Summary: The Bible directs us on how to respond to our anger as agents of grace.

February 24, 2019

Hope Lutheran Church

Pastor Mary Erickson

Genesis 45:3-11, 15; Luke 6:27-38

Agents of Grace

Friends, may grace and peace be yours in abundance in the knowledge of God and Christ Jesus our Lord.

What do we do with anger? Anger is an emotion. It’s an emotional response to something else we sense. Like, maybe we feel that we’re being mistreated, or we’re frustrated, or we feel defensive about something. Those feelings create anger.

Anger does serve a purpose. It lets us know that something is out of alignment. Something is wrong. Anger grabs our attention to the situation at hand. It motivates us to respond in some way. And sometimes anger is the only strong pillar holding us upright. But what do we do? How do we respond to anger?

We’ve been schooled that we need to vent our anger. Anger isn’t something we should suppress. It may not be good to keep our anger pent up inside, but expressing our anger through shouting and slamming doors can also be detrimental. Venting might help us to feel better right away. But often, we later regret the things we said or did. Even more worrisome, studies have revealed that venting anger may actually wire our brains to be angry more often.

Do we express our anger? Do we keep it pent up inside? Or is there a still more excellent way?

The Bible has quite a bit to say about anger. Today we read two passages addressing anger. In Genesis we hear the climax of the story between Joseph and his 11 brothers. While they were growing up, Joseph had been the favorite of their father, Jacob. Resentment grew among the other brothers. It reached a boiling point when Jacob shared with his brothers a dream he’d had. In the dream his brothers were bowing to him.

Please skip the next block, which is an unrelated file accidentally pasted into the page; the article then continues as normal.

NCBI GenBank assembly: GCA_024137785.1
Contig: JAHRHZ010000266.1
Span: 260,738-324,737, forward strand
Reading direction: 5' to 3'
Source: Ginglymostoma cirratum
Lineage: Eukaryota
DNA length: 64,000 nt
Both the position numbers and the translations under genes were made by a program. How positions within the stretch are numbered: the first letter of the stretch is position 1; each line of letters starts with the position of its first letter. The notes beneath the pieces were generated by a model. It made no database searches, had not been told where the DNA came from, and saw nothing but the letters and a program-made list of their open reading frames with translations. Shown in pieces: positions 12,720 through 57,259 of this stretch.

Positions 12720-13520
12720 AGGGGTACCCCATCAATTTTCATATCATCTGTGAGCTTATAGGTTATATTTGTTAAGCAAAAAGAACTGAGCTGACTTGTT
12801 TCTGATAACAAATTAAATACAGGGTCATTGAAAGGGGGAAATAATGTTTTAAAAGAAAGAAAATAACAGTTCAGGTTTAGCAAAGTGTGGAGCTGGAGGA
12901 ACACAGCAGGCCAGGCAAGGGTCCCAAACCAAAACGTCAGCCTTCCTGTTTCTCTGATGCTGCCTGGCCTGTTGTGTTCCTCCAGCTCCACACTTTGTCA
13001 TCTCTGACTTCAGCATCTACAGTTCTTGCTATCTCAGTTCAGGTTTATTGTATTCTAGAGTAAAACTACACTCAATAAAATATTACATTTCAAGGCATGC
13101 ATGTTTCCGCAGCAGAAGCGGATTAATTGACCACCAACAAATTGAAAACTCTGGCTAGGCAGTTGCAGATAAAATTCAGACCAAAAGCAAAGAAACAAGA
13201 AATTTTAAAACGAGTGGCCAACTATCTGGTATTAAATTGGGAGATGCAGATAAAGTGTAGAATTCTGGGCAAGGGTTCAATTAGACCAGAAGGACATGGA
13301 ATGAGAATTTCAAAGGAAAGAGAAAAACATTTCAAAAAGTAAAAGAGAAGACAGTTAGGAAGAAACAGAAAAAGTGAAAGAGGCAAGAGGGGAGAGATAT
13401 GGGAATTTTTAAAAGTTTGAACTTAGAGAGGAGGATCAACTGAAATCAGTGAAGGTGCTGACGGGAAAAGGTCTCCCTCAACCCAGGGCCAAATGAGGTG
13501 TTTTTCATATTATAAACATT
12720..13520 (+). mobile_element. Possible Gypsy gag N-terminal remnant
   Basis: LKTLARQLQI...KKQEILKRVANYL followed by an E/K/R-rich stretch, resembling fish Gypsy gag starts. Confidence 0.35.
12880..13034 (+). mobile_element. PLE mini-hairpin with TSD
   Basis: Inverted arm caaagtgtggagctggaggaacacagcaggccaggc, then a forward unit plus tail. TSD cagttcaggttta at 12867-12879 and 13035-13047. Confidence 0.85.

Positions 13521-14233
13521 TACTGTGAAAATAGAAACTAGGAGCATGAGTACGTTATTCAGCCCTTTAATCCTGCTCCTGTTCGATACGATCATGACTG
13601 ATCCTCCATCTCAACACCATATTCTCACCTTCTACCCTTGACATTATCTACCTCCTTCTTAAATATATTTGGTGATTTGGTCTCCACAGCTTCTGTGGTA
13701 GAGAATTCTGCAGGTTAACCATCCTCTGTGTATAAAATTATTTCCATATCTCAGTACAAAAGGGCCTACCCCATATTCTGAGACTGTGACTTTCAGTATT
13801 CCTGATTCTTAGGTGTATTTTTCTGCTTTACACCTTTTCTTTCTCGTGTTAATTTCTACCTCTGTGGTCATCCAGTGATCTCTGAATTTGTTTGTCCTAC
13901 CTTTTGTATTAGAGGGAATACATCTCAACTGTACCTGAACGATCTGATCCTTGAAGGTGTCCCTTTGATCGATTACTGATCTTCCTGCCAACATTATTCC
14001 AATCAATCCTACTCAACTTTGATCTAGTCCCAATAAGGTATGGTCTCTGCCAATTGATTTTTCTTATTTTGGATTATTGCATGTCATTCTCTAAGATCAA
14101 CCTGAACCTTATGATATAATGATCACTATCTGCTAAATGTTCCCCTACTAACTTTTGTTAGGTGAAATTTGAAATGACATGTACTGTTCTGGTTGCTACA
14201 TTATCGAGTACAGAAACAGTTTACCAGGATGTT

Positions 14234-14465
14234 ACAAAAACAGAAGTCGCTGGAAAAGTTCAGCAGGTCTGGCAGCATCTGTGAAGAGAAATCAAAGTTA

Their initial plan was to kill Joseph. They lured him into the wilderness and planned to slaughter him there. But when they saw a passing caravan, they opted to sell him into slavery instead. They told their father that Joseph had been mauled to death by a wild animal. Meanwhile, Joseph ended up a slave in Egypt.

It was a long road for Joseph. He was falsely charged of a crime and thrown into prison. He spent years in there. But his ability to interpret dreams brought him before the throne of the Egyptian Pharaoh. He warned Pharaoh of a severe famine that was going to affect the entire region. He advised Pharaoh to store up grain.

Joseph then served the Pharaoh. He rose in power until he became the second in command. When the famine hit, Joseph’s brothers came to Egypt to buy grain. That was when Joseph met them.

Joseph was now in a position of absolute power over his brothers. He easily could have ordered them killed or thrown into prison. He could have enslaved them or sent them away empty-handed. How would he respond?

Think of the suffering he had endured. Rejected by his own brothers, forced into servitude, years in an Egyptian dungeon, exiled from his own people and his own father.

But Joseph’s response is surprising. He’s had a long time to think about this situation. Why did this happen to me? What does it mean? How could my own brothers do this to me?

Joseph does something amazing. In this godless situation, he looks for God. How was God involved in the unwinding of events? He tells his brothers, “You sold me here, but God sent me here to preserve life.”

Joseph wasn’t shrugging off all the years of his suffering as God’s will. He wasn’t insinuating that his brothers’ atrocious behaviors were somehow part of God’s great plan for the preservation of life. But rather, in spite of injustices, God’s good will was at work. God’s will found a way.

Joseph responded with deep compassion. He forgave his brothers. And in that forgiveness, there was tremendous blessing. Joseph regained the kinship of his brothers and was reunited with his father. Joseph gives us a powerful example.

Jesus addresses anger in our reading from Luke. He instructs us how to act when we’re wronged or people hate us. He directs us to forsake vengeance. Rather, we are to seek after forgiveness.

On the surface, Jesus’ instructions seem preposterous. Turn your other cheek so that you can be struck a second time? Give the shirt off your back to the person who steals your coat? Love your enemies?

Certainly not! That’s not our way. Our inbred way is to meet offence with offence. You see it even in toddlers. When they get angry, they push back or hit. It’s the way we’re wired. From little on, we need to learn what to do with our anger.

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